For a person with a fresh cast and a new script, the allure of dealing prescription medication is built on a series of rational decisions. Let’s say you’re prescribed a painkiller like codeine after a sports injury, or you’ve been diagnosed with ADHD but don’t need to use Ritalin. If the drugs are prescribed to you, it’s not illegal to have them in your possession. Selling small volumes of drugs to friends is highly unlikely to attract the attention of the police, especially if these drugs are just the surplus to your own medical requirements – say, if symptoms have disappeared before the full course of medication is finished. Repeat prescriptions are relatively easy to obtain, and scripts are cheap – if subsidised by the Government, a course of tablets can cost as low as $5, but have a street value of hundreds. For some medications, like Ritalin, it’s possible to get three months’ supply in one prescription. There’s no shortage of people who are willing to pay $5 or $10 dollars to reconfigure how their bodies understand themselves, even if only for a few hours.
The nature of the supply chain dictates that most dealers of prescription medication run low-level, low-volume operations. Unlike selling marijuana, it's incredibly difficult to obtain and sell the volumes of pills necessary to sustain yourself as a full-time prescription drug dealer. Even dealers with a reasonable supply do not make serious money. In January last year, the Otago Daily Timesreported on a police raid of Otago University student-cum-Ritalin dealer Druvi Rodrigo yielded just 17 pills, street value: $170. He would buy 40 pills at a time for $5 each and sell them at $10 a pop – a modest profit considering Ritalin is a class B drug, the supply of which can earn you a maximum of 14 years in prison.
In June, the ODT reported a second Dunedin man’s involvement in another Ritalin ring. 25-year-old Ronald Topi was more financially successful than Rodrigo: a fraudulent prescription allowed him to collect and sell 582 tablets over a three month period – street value around $5000. In the end, both Rodrigo and Topi paid for their efforts: Rodrigo was sentenced to 10 months home detention, 200 hours of community work; Topi was sentenced to two years and three months' in prison.
Although addiction starts with recreational use, young recreational users are more likely to be found at parties than in drug programmes. The 2007/8 New Zealand Alcohol and Drug Use Survey found the average user is a white male in his thirties, though the average age of first use is 19. Amongst young people, women are just as likely as men to use sedatives (2.8 per cent), and about two-thirds as likely to use stimulants (4 per cent for men compared to 2.6 per cent for women). Men use prescription drugs recreationally about twice as frequently as women.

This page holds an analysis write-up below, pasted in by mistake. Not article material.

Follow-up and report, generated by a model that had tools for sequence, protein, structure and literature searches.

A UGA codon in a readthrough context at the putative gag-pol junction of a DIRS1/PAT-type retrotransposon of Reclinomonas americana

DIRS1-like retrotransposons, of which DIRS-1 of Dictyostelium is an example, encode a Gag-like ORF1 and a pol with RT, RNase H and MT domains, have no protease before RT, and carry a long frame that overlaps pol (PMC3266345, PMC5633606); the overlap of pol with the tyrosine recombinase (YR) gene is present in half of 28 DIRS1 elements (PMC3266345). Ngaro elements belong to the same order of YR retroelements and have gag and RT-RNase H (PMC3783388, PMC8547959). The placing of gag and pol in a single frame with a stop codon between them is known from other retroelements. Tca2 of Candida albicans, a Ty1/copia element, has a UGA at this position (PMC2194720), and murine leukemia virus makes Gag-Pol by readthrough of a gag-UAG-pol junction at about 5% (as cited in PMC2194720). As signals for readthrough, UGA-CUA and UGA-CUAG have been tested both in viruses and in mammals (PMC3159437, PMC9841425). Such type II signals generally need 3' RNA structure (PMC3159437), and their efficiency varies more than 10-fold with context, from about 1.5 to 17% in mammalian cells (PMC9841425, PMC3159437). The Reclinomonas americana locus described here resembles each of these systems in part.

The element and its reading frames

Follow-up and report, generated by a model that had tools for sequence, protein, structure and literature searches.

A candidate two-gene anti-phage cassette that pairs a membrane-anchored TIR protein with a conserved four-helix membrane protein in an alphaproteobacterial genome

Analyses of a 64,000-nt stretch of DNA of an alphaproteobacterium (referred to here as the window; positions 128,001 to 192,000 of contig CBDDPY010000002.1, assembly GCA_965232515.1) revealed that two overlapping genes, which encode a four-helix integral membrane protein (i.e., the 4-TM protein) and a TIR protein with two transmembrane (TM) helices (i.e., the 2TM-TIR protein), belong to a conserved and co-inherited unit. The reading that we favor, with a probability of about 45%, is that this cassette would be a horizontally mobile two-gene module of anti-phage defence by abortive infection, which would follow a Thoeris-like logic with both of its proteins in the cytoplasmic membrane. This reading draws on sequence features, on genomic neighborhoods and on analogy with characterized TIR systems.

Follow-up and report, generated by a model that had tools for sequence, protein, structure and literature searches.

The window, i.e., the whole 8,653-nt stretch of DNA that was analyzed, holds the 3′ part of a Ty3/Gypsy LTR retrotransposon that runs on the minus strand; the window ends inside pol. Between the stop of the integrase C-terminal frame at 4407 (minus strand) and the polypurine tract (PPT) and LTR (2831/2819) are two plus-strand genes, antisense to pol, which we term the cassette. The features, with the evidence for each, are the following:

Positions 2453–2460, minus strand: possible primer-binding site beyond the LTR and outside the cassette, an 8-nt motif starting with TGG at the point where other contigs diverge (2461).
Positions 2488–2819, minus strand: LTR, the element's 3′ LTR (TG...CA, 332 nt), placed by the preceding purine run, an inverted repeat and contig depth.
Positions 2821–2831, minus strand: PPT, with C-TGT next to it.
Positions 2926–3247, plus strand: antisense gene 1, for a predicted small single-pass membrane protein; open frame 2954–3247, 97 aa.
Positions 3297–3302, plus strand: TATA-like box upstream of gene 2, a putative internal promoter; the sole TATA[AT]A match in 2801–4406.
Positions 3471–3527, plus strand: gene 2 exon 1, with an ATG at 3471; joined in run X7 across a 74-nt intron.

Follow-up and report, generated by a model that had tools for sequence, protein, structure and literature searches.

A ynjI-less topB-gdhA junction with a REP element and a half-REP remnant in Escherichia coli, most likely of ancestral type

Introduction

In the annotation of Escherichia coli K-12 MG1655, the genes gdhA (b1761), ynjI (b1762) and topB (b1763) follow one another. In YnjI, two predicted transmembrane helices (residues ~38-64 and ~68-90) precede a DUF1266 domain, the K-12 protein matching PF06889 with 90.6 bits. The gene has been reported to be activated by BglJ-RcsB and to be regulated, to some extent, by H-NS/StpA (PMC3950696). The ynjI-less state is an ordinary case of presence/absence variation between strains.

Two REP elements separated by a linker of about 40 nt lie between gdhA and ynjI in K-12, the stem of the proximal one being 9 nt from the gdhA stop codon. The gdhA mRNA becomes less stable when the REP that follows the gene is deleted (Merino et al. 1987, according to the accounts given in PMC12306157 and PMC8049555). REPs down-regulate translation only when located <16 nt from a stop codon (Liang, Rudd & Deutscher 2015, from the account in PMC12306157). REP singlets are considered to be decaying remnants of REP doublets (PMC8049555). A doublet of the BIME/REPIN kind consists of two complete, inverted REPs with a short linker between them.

If I’m complicit in abusing them, the upshot is that people who really need them are restricted access because I want to have a good night
Unlike alcohol, it’s difficult to predict which communities will abuse prescription drugs. The same survey that found two-thirds of doctors had been pressured for prescriptions also found that patients in rural areas were just as likely to demand prescription drugs as those in cities, and that North Island patients pressure doctors with the same frequency as South Island patients. Whether the doctors were male or female, experienced or inexperienced did not matter – patients targeted each with similar frequency.
Doctors, of course, are not employed to deal drugs to party goers, and this is not lost on some of the users I speak to. “If I’m complicit in abusing them, the upshot is that people who really need them are restricted access because I want to have a good night,” one person tells me. The struggle to reconcile one’s hedonic pleasures with the resultant difficulties others have in alleviating their own maladies is unique to prescription medication, but does not affect all users. “They’re so overprescribed,” another user tells me. “I’ve never really thought about it like that.”
In winter, there will be fewer surfers at Lyall Bay. Anecdotally, in ski resort towns like Ohakune, it’s a great time for supply, as the substance-inclined turn torn achilles and broken bones into happy accidents for themselves and their friends. (Ohakune Pharmacy dispute this, telling me illicit prescription drugs are most likely brought in from out of town.)
“Like, obviously a lot of young people are doing drugs,” Aaron admits. “You’ll never stop them. But these dudes are getting pills real easy, on the cheap, and everyone knows about it. Even the doctor’s gotta know.” I tell Aaron about the University of Auckland School of Pharmacy study, where 95 per cent of the doctors reported they were confident with their ability to spot prescription drug misuse. Through the windscreen, the waves keep rolling in.
* Name has been changed